This has not been a good year for honey in this northwest corner of Washington state: ten months of rain is not good for beekeeping. I did manage to harvest a very small amount of honey from my more westerly, farmland, bee yards. However, the majority of the honey from these hives went into the up-river hives, which were lacking enough food for the winter.
The Two-Finger Lift
No, this is not rude, just rudimentary. The way I knew that my up-river hives were lacking stores was to lift them with two fingers. If I can reach under a hive and pick it up using my index and middle fingers, there’s way too little honey in that hive.
Sadly, the up-river hives were very easy to lift. Because of this, I began to pull honey from the westerly farmland hives first. These hives didn’t deliver a lot, but they had some to spare. As I worked my way up-river, the majority of these frames were put into hives that lacked stores. Yes, I could have fed more sugar syrup, but honey is better for the bees.
How I Balance Hives:
All my bees live in westerns. I can lift a full western, but I have issues with deeps and three-quarter hives. So, all my hives over winter in three westerns. When I pull honey, I do it frame by frame. It’s slower, but I average about 50-60 hives, so I have the time.
If the bottom western is left alone. Usually it is filled with pollen and brood. If the bees like it like that, it’s fine by me. The next western, if manipulated, has the remaining brood with honey on each side of it. The top western is primarily honey. If there is a lot of brood, I’ll leave a fourth super on top, with honey.
Winter Frame Formation
Now these are not packed side to side. My hives over winter in 8 frame formation. I might use follower boards in the 1st and 10th positions. Follower boards are simply pieces of wood the same size as frames of honey. Or if I run out, I’ll put in empty drawn comb. If there is a fourth super on the winter hive, that will have only 6 honey frames in it. These are in the center, with follower boards on either side.
This configuration has worked over the years. When I first began, it soon became clear that my bees never would go to the 1st and 10th frames if there was honey there. Our winters are very cold, and damp. I figure by November the bees never leave their cluster, and simply eat their way up through the hive. You can find a blog post I wrote on research about temperature and cluster size here:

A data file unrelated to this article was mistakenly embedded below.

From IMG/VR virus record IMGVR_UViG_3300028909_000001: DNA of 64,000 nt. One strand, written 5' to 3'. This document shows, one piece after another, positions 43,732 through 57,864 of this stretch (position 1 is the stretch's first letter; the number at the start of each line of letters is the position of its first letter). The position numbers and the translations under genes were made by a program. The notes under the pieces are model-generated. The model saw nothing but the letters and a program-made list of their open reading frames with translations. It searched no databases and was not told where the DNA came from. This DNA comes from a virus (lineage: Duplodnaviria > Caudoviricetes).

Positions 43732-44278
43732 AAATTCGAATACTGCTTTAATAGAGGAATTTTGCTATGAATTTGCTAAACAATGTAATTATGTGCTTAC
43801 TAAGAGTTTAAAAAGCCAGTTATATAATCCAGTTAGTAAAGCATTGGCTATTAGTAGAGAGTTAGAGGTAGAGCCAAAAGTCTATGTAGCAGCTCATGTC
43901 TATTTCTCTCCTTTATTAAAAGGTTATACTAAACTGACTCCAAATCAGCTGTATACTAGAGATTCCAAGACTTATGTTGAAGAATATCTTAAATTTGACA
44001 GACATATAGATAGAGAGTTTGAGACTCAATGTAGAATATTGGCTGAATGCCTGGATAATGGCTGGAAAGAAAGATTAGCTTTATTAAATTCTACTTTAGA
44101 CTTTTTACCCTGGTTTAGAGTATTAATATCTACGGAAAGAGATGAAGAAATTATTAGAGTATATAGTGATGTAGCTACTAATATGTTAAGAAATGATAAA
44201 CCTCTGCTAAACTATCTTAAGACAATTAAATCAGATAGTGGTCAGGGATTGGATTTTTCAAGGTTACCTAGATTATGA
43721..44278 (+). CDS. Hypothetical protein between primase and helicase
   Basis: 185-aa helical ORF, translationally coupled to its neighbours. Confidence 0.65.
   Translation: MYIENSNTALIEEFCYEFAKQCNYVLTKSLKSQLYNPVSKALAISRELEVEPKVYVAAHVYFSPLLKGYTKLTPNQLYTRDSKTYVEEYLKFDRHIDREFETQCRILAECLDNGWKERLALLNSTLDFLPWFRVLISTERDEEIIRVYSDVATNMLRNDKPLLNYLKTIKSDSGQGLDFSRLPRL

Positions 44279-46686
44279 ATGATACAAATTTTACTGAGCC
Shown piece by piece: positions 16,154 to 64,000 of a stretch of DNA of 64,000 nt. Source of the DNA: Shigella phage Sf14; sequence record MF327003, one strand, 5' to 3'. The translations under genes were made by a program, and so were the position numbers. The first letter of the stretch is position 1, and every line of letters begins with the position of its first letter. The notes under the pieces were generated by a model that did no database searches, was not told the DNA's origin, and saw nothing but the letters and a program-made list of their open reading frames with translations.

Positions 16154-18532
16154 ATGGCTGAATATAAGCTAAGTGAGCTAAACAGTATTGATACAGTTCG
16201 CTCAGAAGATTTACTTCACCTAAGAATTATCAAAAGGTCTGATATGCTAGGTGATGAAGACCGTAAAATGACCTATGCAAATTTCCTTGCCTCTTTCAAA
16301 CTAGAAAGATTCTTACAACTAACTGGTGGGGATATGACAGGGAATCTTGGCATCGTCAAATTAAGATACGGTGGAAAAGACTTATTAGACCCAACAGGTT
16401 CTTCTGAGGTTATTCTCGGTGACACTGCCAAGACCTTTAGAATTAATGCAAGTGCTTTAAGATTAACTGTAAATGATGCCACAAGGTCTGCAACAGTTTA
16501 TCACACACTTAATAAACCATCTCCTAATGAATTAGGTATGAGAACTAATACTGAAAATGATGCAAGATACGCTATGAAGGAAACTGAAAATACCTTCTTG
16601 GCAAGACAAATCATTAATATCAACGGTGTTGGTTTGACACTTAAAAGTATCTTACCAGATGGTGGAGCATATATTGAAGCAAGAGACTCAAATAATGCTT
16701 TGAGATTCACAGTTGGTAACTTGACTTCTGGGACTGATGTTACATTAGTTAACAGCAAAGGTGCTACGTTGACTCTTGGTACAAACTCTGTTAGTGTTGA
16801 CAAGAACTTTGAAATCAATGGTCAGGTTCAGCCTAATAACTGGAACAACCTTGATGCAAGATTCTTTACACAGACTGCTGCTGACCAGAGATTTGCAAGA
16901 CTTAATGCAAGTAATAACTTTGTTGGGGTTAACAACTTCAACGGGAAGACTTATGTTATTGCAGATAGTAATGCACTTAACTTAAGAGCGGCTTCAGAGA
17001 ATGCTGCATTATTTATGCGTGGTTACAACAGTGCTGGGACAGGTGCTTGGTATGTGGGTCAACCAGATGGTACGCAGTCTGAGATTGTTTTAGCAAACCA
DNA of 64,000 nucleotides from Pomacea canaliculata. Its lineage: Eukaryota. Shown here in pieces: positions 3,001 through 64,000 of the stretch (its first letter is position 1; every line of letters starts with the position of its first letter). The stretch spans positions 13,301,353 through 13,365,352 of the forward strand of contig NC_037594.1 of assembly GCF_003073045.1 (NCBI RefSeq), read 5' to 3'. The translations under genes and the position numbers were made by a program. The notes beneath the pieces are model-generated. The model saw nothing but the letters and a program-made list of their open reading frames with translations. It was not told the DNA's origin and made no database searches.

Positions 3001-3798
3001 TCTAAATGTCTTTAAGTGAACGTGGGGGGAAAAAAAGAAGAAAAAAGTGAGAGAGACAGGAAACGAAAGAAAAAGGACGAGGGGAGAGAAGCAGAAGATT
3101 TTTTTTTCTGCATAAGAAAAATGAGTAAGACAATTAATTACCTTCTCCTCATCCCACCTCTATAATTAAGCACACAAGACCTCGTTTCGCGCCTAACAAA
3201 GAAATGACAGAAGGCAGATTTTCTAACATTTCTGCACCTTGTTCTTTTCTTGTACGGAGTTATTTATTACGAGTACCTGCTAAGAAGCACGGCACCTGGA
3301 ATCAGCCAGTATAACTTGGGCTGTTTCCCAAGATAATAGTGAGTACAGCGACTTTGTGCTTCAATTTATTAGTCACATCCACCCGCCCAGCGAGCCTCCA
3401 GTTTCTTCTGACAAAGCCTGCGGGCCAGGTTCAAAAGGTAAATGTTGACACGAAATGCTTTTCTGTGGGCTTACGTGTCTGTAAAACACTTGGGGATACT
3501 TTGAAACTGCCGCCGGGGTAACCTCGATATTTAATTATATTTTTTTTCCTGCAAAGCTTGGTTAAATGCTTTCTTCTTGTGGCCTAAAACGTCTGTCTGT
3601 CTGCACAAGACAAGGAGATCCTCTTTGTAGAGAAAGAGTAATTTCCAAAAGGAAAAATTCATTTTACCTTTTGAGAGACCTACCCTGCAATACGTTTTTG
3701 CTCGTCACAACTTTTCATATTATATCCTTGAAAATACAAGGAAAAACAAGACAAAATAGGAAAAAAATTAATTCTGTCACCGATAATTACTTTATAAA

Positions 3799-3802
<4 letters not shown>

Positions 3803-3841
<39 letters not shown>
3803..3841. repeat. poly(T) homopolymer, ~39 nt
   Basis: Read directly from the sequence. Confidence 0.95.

Extraction Made Depressingly Quick
With the hives balanced, often through donations of honey frames from stronger hives, there was little honey left to extract: three and one-half supers. Quite a change from last year when I had the extractor going for three days straight. It took longer to set up, and then clean the extractor than it did to actually extract the honey. The honey, however, is delicious: one of nature’s great gifts.
Interesting Observations From Bad Times
Nature is always interesting, if frustrating at times. Some of the up-river hives had enough stores for winter, but nothing to offer up to extraction. These hives were simply left as they were. No honey was put in; no honey was taken out. I have never before gone into a winter without manipulating a hive, because the hives have always had extra honey.
Next spring will be interesting. The hives that were simply left alone were not in the textbook formation of “how to set your hives for winter.” Some had honey stores above the brood; some had brood all the way to the top (I over winter in three westerns). But I figured: they must know what they’re doing better than I do. I certainly hope I’m right that they are right, but I shall see come spring.
The bees have traditionally shown me that they really do know much more about themselves than I know about bees. This makes perfect sense to me.
How about your bees?
The weather’s been nuts all over the world this year. Have you had any new experiences because of the weather? If so what did you, or your bees do? Do share, we can all learn together.